Conservation Evidence strives to be as useful to conservationists as possible. Please take our survey to help the team improve our resource.

Providing evidence to improve practice

Individual study: Release method evaluation for swift fox reintroduction at Bad River Ranches in South Dakota

Published source details

Sasmal I., Honness K., Bly K., McCaffery M., Kunkel K., Jenks J.A. & Phillips M. (2015) Release method evaluation for swift fox reintroduction at Bad River Ranches in South Dakota. Restoration Ecology, 23, 491-498


This study is summarised as evidence for the intervention(s) shown on the right. The icon shows which synopsis it is relevant to.

Release captive-bred individuals to re-establish or boost populations in native range Terrestrial Mammal Conservation

A study in 2002–2007 on prairie in South Dakota, USA (Sasmal et al. 2015) found that post-release survival rates of captive-bred swift fox Vulpes velox pups were lower than survival rates of wild-born pups. The proportion of captive-bred pups that survived for 60 days after release (48%) was lower than the proportion of wild-born pups that survived for 60 days (100%). Forty-three pups (26 male, 17 female) born in pens to wild-caught foxes formed the captive-bred cohort. They were released in mid-July of 2003–2007. Survival was compared, using radio-telemetry and visual observations at dens, to that of 90 pups born in the wild in 2003–2007, to previously translocated and released foxes.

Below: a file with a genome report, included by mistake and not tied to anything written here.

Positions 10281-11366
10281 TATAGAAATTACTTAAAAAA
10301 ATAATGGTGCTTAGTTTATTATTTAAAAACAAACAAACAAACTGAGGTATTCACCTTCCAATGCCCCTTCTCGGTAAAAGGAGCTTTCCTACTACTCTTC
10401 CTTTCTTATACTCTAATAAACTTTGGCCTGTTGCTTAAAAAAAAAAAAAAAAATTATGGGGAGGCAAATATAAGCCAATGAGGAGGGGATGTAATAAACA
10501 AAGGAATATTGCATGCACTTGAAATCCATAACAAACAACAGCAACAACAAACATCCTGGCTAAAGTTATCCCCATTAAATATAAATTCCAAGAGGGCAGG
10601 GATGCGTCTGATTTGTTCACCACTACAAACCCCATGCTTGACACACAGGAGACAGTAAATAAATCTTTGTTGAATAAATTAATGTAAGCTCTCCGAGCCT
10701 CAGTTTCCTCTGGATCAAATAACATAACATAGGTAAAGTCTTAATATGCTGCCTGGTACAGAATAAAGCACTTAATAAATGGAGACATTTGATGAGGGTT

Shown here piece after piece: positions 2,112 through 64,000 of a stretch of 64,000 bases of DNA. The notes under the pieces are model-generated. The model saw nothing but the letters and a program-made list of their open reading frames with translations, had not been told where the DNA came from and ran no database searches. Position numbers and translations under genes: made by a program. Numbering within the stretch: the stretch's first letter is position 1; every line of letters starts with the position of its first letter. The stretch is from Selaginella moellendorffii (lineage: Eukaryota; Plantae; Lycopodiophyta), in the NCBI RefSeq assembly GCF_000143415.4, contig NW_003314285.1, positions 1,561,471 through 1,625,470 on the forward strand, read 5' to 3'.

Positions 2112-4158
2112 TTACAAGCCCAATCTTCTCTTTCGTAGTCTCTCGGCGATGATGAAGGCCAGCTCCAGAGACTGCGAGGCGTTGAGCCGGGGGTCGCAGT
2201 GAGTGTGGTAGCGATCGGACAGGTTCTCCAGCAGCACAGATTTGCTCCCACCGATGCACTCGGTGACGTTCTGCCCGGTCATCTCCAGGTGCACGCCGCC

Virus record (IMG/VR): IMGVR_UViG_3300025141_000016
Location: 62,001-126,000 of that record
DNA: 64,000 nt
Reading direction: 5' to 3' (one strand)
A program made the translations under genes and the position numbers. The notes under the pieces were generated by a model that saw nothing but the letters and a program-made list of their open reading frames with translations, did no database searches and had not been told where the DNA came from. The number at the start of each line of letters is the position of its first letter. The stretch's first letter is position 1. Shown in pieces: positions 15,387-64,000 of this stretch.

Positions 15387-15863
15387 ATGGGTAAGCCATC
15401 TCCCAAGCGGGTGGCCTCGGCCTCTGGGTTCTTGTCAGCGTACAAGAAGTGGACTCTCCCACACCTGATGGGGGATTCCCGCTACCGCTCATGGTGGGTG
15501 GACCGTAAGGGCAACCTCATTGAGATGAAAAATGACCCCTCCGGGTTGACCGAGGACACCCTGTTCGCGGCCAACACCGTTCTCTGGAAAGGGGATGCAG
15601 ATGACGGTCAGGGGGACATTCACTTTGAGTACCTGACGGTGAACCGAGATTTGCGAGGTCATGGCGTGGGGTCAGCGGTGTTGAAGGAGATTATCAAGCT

(Summarised by Nick Littlewood)

Use holding pens at release site prior to release of translocated mammals Terrestrial Mammal Conservation

A controlled study in 2002–2007 on a large area of prairie in South Dakota, USA (Sasmal et al. 2015) found that using holding pens at release sites affected survival rates of translocated swift foxes Vulpes velox. A higher proportion of foxes released after 14–21 days in holding pens survived for ≥60 days post-release (76%) than of foxes held in pens for >250 days (66%) or released after 14–21 days in kennels at a field station (61%). A total of 179 foxes (85 males and 94 females; 91 adults and 88 sub-adults) were translocated in 2002–2007. Holding pens provided acclimatisation at release sites, with food provided at pens following release. Foxes released from short stays in holding pens, and those released having been held in kennels, were released in August–October. Long-stay foxes were released in mid-July. Survival was monitored by radio-tracking and visual observations at dens.

(Summarised by Nick Littlewood)